Indie film shoots in Lititz!
Local spots throughout Lancaster County and surrounding areas are now the scenes of an independent film being created by Outlaw Studios. Perhaps you saw them while you were hiking in Mount Gretna, strolling through Lititz Springs Park, catching a movie at Lily’s on Main, grabbing a beer at Tellus360 or browsing for books at Aaron’s Bookstore &tstr; Andrew Bailey and Doug Roy with their filming equipment and Scott Lentz directing the studio’s first full length feature film.
“It’s all about telling a story. I get heavily invested in characters,” said Lentz. “I want to write that transcendent character that sticks in someone’s head and might inspire them down the road.”
New York actor Greggory Barr plays the main character of the movie, “Acoustic Hearts,” which is a musical drama about a musician and essentially the story behind the song.
“This movie was really inspired by music,” said Lentz.
Barr, who is a musician in real life, is performing the music in the film and all music is directed by Rob Stehly. Along with the film, the studio will be releasing an album to go with it.
Outlaw Studios is a local independent films studio. Lentz and Bailey met in college, and that is where they made their first short film together in 2008. Bailey, who grew up in Manheim Township, came home from college and was working at Erb Brothers Landscaping where he met Doug Roy, a Lancaster native who has a commercial art background and an interest in film. Becoming fast friends, Bailey invited Roy to help them on a set they were filming in Lancaster and so he came to join Outlaw Studios. Now, Lentz and Roy live in Lititz and Bailey is working in Pittsburgh. They all have full-time jobs and do the filming on the side.
The crew has made several short films of all different genres and won awards. For Lentz, the most memorable award was the Golden Ace Award at the Las Vegas Film Festival for the movie “Guys with Girl Problems.” It was the first award they won and Lentz was there to accept it. He did an acceptance speech on the stage of the Hilton in Vegas where Elvis once performed.
The same film also screened in Los Angeles, and this was the first time that Lentz got to see one of their films play in a theater.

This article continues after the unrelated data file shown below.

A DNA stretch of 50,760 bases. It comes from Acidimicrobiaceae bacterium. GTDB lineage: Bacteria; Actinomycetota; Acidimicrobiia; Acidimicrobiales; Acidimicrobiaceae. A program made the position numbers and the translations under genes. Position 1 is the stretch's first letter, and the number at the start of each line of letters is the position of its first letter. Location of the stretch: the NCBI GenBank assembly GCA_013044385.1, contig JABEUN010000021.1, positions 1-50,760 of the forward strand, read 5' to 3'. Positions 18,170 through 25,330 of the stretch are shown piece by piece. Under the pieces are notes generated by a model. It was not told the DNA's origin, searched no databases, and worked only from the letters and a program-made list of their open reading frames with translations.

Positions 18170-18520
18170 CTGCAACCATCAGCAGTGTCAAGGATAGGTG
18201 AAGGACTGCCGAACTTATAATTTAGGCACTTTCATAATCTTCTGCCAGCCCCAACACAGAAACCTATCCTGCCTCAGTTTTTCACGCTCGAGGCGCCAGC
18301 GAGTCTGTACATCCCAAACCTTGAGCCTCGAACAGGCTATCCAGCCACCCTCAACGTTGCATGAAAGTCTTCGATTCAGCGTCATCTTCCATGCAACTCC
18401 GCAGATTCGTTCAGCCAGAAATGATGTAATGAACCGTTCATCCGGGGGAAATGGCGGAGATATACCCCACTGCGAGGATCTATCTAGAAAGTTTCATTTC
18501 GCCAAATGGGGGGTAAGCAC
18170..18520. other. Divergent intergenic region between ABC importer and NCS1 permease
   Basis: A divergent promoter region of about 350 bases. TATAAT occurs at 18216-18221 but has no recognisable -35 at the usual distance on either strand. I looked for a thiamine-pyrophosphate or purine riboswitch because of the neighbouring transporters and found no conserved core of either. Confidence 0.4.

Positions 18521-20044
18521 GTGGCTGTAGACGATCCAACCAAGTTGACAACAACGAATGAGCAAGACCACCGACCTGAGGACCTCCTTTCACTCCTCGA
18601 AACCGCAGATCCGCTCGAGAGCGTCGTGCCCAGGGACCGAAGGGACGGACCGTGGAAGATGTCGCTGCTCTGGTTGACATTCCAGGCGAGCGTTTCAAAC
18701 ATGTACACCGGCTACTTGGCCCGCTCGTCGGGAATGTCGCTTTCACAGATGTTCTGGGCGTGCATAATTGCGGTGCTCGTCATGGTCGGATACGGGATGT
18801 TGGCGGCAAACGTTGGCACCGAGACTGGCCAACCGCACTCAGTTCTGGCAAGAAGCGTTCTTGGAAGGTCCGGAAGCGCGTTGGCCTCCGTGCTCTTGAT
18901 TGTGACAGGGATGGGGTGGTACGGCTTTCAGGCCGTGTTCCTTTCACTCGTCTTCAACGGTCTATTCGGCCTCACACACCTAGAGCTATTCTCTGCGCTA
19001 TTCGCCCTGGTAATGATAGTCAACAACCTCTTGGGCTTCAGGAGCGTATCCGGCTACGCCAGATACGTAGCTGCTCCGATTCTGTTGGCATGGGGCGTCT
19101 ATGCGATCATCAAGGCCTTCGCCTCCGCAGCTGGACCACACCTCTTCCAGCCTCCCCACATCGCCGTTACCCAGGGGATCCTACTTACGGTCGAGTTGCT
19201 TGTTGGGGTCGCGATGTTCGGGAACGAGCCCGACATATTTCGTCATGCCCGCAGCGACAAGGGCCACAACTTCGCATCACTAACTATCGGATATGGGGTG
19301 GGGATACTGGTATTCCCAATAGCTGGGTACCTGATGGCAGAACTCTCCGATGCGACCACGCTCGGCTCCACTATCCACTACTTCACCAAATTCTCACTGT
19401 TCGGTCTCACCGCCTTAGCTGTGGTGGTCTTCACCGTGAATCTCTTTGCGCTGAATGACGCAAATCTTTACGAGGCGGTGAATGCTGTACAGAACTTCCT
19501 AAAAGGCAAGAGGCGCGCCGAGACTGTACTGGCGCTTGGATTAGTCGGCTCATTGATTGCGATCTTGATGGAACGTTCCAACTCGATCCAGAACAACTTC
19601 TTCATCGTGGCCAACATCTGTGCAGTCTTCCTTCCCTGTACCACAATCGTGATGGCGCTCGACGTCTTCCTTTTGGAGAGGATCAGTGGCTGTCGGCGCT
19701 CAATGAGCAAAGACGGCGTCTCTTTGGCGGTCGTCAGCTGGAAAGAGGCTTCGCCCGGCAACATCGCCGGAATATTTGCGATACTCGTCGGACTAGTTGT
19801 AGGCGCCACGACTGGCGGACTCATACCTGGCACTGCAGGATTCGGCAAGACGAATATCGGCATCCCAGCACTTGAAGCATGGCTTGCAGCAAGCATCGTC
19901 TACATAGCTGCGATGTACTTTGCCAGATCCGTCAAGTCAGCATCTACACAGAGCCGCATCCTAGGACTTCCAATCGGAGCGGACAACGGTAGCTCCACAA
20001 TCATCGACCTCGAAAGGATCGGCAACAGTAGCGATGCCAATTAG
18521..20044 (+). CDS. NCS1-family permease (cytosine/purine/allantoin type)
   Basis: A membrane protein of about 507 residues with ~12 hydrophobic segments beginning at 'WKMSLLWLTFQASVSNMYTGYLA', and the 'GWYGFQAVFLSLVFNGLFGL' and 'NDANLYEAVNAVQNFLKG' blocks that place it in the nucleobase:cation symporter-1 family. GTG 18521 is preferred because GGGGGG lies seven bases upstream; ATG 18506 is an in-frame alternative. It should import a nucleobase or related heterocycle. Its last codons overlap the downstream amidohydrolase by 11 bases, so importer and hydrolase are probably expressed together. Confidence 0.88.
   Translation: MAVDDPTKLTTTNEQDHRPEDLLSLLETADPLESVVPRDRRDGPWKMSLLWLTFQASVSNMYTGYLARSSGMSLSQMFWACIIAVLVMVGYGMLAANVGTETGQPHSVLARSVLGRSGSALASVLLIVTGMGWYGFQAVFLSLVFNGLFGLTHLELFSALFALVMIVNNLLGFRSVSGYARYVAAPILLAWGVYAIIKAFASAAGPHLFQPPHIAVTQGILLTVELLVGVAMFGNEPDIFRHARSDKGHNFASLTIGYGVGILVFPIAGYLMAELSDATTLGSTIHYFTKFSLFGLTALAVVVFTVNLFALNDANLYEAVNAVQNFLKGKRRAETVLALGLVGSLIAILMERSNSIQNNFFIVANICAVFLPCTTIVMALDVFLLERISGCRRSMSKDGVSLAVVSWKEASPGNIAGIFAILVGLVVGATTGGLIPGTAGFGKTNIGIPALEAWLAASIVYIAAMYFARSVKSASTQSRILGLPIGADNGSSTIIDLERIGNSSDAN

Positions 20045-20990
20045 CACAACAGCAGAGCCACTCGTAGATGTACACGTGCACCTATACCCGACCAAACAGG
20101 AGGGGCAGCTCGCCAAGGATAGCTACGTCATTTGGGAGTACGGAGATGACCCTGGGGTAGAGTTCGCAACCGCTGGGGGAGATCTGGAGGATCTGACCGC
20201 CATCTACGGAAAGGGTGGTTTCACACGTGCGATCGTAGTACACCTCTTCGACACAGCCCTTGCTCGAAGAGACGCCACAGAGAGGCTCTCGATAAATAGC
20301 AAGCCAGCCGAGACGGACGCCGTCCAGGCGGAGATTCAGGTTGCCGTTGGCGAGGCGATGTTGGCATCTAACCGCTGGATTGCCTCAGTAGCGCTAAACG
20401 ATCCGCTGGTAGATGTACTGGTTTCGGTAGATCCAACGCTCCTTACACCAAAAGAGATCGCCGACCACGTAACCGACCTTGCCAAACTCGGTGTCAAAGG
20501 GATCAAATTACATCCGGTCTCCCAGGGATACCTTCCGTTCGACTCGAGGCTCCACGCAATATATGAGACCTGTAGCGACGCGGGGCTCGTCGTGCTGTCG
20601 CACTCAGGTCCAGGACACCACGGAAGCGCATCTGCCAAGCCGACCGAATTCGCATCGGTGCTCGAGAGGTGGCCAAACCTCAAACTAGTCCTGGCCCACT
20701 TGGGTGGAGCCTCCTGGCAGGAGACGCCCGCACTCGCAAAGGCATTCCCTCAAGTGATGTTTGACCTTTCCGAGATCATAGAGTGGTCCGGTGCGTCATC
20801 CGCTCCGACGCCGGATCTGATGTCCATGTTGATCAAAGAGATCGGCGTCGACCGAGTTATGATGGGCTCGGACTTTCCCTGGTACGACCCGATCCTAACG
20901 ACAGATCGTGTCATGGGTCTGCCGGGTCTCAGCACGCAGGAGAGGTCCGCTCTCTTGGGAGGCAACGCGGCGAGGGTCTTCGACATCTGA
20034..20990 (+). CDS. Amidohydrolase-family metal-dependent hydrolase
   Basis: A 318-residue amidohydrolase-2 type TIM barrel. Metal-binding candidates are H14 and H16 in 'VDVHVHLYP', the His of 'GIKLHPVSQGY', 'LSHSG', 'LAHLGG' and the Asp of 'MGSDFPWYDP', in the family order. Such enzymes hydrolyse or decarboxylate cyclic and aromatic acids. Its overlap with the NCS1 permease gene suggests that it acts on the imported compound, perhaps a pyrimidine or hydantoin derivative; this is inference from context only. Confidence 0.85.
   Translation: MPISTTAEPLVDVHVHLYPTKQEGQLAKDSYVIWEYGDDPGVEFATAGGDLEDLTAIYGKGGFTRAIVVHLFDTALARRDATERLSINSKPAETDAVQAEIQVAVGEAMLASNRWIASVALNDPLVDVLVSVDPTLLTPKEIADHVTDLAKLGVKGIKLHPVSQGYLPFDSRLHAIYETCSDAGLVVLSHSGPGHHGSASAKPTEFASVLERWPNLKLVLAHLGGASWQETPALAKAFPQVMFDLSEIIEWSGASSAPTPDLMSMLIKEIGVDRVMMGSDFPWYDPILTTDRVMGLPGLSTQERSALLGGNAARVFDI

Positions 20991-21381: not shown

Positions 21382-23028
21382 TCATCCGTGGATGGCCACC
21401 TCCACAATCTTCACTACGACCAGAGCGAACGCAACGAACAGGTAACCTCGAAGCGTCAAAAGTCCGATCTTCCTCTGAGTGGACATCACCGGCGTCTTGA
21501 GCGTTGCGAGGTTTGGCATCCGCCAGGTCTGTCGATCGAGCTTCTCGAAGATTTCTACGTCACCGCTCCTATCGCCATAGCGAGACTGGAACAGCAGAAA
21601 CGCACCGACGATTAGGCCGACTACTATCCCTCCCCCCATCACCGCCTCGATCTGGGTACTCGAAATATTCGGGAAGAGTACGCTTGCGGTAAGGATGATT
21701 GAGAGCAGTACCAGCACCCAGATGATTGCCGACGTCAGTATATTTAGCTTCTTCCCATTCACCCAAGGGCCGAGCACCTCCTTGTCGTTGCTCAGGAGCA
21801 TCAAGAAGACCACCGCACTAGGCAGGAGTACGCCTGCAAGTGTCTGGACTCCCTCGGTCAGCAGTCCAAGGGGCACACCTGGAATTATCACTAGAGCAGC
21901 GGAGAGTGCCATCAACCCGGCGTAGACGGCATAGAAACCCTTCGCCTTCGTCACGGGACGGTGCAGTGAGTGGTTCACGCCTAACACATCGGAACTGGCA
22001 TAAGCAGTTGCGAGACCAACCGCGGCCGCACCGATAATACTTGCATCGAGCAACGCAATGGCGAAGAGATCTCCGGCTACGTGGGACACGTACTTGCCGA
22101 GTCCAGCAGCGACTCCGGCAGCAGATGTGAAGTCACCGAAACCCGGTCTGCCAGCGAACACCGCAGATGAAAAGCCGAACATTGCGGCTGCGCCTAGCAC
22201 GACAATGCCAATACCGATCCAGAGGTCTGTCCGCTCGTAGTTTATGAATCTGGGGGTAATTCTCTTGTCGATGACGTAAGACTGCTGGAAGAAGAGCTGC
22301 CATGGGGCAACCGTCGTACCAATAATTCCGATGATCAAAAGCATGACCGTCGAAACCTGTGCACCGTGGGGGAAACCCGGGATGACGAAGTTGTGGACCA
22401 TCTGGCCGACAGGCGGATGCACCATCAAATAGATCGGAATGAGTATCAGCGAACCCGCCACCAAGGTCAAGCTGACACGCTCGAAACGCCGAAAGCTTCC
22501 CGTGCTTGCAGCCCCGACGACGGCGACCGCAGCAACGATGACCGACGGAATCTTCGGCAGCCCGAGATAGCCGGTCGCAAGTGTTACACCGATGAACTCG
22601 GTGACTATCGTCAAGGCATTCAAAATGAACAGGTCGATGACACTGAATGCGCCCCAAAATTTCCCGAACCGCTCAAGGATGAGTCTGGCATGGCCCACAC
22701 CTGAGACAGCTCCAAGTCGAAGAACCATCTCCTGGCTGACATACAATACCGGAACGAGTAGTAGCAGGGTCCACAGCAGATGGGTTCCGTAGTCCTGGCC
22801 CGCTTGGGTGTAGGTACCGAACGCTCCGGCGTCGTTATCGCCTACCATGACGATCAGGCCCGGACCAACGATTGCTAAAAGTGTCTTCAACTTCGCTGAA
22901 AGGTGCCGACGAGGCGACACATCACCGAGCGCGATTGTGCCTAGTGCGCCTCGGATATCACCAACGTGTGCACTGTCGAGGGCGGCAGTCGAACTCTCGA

“It was such a cool thing to see it up on the big screen,” said Lentz.
“Acoustic Hearts” has been in development since last year, but filming started in June. The movie was filmed between summer and fall, and part of it is present time with flashbacks to the past. To show that time has passed, Barr, a method actor, cut his hair, shaved his beard and lost weight for the second half of the filming, which took place on Oct. 20.
“It’s a different animal than we’ve done before,” said Lentz.
With a very low budget and none of the actors being paid, they film with what they call a guerilla style, often changing the location at the last minute. When the cast has the free time to travel to Lancaster, they get together to shoot the film. They might be planning on shooting outdoor scenes and it rains.
“We just have to fly with it,” said Roy. “Things have to happen.”
Part of making things happen is developing relationships with local businesses, who get a movie credit by letting them film there.
“Everybody’s just been really, really cool and we make great relationships with people,” said Roy.
With this being their third production filmed in Lancaster, they filmed at about 10 different locations.
“It’s not as easy as you think,” said Roy. Whereas before they had a small crew and could film the entire movie in two days, doing a full length feature required them to film at least six different times with a crew of 10 to 15 people.